We should not be collateral damage in Brexit shambles


By Sinn Fein MP Elisha McCallion

The people in the north of Ireland voted to remain in the EU. Yet on 29 March Theresa May signalled to the European Council the British Government’s intention to leave the EU and drag us out.

The first phase of a two-year negotiation on Brexit started in June and prioritised the British Government’s “divorce bill”, the rights of EU citizens and how Brexit will impact Ireland.

The EU made clear this Brexit process must safeguard the Good Friday Agreement in all its parts, the rights of citizens and north-south cooperation - including no hardening of the border.

When finally the British and the EU appeared to agree on a solution on Monday, the DUP vetoed it in their own narrow sectorial interest. The putative agreement between Theresa May and the President of the European Commission, Jean-Claude Juncker, appears to have been derailed by them.

In effect, when attempts were made to cater for the unique position of the north of Ireland and to protect citizens’ rights, our economy, and the Good Friday Agreement, the DUP went out of their way to block this.

Last week the President of the European Council, Donald Tusk, visited Dublin. He said if the British Government’s offer on the border is unacceptable for Ireland, then it will also be unacceptable for the EU. This is a welcome approach which needs to be maintained.

The Taoiseach Leo Varadkar, should continue to stand up for the Irish people - north and south - against the British Government, DUP and the right-wing press.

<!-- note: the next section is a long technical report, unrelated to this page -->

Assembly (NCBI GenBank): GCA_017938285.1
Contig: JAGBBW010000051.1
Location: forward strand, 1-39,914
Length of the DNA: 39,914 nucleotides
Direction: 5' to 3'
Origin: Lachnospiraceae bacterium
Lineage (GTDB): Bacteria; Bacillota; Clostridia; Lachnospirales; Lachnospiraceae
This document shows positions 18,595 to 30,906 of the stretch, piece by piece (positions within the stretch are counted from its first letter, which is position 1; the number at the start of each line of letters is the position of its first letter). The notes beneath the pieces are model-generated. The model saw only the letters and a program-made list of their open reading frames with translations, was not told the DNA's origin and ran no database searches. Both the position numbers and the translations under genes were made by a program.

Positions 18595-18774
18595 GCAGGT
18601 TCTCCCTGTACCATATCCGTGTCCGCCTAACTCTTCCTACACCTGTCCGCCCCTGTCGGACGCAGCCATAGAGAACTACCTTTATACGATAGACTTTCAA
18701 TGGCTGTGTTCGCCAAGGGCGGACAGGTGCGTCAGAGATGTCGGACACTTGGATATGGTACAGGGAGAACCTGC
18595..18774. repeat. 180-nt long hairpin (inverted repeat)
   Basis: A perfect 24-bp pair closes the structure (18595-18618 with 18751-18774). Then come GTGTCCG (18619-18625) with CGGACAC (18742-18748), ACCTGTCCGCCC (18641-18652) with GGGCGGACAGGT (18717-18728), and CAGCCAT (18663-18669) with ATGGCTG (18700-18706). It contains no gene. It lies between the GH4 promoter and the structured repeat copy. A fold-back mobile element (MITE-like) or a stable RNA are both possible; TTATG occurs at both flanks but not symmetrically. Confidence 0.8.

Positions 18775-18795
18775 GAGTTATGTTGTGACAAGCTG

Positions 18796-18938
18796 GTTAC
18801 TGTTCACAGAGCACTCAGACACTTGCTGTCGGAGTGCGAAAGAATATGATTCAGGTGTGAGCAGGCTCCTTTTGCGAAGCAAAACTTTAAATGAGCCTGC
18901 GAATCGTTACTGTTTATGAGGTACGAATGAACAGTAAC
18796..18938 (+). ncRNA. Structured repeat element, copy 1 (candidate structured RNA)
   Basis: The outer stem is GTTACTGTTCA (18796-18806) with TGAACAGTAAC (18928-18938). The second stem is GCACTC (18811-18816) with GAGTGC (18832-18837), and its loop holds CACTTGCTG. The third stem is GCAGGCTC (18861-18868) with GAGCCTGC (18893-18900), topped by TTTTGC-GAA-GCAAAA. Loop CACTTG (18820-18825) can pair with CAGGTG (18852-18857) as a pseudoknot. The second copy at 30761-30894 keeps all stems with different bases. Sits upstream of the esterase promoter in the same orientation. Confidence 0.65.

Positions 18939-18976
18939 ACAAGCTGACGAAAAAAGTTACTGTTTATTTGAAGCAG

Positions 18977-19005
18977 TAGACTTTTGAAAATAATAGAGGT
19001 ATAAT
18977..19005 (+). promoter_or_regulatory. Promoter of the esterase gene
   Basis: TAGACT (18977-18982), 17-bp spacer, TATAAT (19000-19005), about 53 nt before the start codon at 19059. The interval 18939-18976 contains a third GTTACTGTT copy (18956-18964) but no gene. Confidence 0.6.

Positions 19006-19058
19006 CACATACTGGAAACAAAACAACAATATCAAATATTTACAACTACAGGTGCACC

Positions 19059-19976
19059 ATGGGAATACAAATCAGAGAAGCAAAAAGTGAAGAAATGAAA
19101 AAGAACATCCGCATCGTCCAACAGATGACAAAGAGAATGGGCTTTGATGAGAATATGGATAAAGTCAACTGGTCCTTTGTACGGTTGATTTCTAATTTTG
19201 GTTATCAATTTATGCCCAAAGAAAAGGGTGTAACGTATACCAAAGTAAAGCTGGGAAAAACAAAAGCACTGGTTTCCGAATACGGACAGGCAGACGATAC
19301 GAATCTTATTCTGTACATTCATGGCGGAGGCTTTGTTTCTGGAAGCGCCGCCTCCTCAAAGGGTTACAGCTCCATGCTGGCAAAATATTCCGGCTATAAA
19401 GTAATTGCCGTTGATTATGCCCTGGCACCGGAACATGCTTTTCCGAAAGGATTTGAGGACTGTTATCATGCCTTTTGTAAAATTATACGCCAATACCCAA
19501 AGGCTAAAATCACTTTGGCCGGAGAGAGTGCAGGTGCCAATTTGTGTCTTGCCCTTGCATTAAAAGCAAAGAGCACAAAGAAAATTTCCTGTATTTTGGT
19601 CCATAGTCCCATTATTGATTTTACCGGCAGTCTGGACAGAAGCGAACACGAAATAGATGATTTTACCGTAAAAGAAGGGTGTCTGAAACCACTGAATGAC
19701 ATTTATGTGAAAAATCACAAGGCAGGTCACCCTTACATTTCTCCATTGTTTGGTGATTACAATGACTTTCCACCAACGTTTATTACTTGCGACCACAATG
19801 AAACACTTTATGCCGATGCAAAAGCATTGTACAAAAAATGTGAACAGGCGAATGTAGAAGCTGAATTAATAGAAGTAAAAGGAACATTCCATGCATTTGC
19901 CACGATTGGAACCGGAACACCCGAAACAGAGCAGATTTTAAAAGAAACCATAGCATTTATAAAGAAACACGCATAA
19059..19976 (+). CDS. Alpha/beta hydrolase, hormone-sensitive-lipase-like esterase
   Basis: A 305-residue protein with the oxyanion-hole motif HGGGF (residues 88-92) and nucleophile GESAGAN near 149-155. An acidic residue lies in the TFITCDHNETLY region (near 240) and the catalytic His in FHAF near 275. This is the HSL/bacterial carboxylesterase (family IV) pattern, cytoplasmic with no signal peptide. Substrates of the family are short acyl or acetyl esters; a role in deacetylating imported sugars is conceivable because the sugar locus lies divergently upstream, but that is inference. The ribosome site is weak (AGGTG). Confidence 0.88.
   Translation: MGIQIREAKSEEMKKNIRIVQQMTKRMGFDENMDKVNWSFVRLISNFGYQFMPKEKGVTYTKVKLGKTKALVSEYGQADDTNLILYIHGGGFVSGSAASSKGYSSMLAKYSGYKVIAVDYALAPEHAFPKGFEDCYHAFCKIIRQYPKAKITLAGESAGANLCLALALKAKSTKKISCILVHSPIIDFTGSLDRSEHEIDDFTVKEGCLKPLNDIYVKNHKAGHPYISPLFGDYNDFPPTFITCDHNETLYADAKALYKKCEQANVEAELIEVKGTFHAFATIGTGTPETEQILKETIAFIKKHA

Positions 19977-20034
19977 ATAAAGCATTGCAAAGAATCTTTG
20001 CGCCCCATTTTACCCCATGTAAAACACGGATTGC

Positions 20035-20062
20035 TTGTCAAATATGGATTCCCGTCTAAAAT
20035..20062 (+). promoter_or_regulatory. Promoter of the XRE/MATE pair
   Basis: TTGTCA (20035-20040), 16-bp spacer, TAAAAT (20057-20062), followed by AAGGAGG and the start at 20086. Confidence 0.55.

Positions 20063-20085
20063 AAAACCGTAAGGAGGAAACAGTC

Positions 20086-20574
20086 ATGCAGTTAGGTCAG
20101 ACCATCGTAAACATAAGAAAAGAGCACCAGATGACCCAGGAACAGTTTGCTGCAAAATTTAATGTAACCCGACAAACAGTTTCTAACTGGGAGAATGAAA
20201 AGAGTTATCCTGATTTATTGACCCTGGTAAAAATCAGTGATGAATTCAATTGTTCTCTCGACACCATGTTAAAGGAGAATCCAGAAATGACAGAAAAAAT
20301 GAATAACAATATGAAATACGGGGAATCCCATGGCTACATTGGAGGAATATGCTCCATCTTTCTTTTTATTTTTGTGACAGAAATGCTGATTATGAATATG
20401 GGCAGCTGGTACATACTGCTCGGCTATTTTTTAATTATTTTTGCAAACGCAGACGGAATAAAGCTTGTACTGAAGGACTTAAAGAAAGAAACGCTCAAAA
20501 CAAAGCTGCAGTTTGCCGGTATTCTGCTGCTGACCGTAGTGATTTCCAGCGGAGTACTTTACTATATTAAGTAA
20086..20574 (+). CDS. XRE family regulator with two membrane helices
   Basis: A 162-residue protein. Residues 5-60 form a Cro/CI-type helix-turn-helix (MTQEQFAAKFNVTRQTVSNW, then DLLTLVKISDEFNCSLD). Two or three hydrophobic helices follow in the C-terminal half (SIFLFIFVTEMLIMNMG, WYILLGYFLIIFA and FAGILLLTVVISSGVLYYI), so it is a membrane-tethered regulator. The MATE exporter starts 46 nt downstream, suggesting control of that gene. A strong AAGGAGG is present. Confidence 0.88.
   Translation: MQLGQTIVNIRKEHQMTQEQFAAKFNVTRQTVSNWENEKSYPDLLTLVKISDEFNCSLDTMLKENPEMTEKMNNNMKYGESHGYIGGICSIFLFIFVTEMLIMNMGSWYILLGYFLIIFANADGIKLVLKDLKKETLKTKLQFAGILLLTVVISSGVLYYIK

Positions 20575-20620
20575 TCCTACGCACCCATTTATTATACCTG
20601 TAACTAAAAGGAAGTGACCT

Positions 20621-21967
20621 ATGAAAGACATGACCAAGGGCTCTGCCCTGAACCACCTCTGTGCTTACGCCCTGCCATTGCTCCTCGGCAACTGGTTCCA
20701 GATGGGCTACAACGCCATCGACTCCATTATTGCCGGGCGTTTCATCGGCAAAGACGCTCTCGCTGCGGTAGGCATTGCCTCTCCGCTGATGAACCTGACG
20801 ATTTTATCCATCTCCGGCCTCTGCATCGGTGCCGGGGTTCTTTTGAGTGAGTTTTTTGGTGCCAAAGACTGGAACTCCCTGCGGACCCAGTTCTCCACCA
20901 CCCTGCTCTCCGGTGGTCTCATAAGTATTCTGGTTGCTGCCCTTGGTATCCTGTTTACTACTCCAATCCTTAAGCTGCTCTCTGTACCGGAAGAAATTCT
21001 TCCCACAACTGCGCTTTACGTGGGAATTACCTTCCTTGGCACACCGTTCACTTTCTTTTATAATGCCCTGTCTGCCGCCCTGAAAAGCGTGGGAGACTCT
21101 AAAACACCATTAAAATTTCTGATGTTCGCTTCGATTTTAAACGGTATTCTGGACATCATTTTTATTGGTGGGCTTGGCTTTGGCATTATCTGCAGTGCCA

The DUP are Theresa May’s partners in this sorry mess. But the DUP do not speak for the cross-community majority here who voted Remain.

They, like their Tory partners, represent only a tiny section of the Brexit-at-any-cost British establishment.

No one, least of all the DUP, has made a credible case that the north of Ireland will be better off outside the EU. They cannot tell us how we will maintain essential cross-border services such as the all-Ireland cancer centre in Derry or the freedom to travel and trade across the EU.

In Ireland, Brexit would mean economic damage on an unquantifiable scale due to trade tariffs and regulatory divergence.

All of this is occurring against a backdrop of relentless, DUP-driven Tory austerity, severe cuts to public services and investment.

The solution to Britain’s Brexit crisis in Ireland is clear. The north of Ireland should have Designated Special Status within the EU, ensuring that we remain within the customs union and the single market. That is the only guarantee of stability and certainty which will deliver the full protection of the Good Friday Agreement in all its parts; including Irish citizenship and the benefits of EU citizenship.

This is a common sense, practical, and achievable proposal and does not change the constitutional position of the north. We are told Brexit is happening and we must accept it. Sinn Fein and citizens across the island of Ireland reject this as an abdication of political leadership.

We are at a crucial juncture in the process. The Irish Government have the responsibility and the leverage to ensure clarity and certainty from the British Government.

The DUP’s determination to deliver Brexit regardless of the cost to the people of Ireland, north and south, including large swathes of their own electorate, is clear. But they represent a minority of people in the north, a minority in Ireland, a tiny minority on these islands and a minuscule minority in Europe.

The relationship between the people of Britain and the European Union is entirely a matter for the people of Britain. But the people of Ireland cannot be collateral damage in a process that is driven by Brextremists in the DUP and the Tory Party.

Defending the economic security and future of Ireland must be the priority for the Taoiseach in the immediate time ahead.

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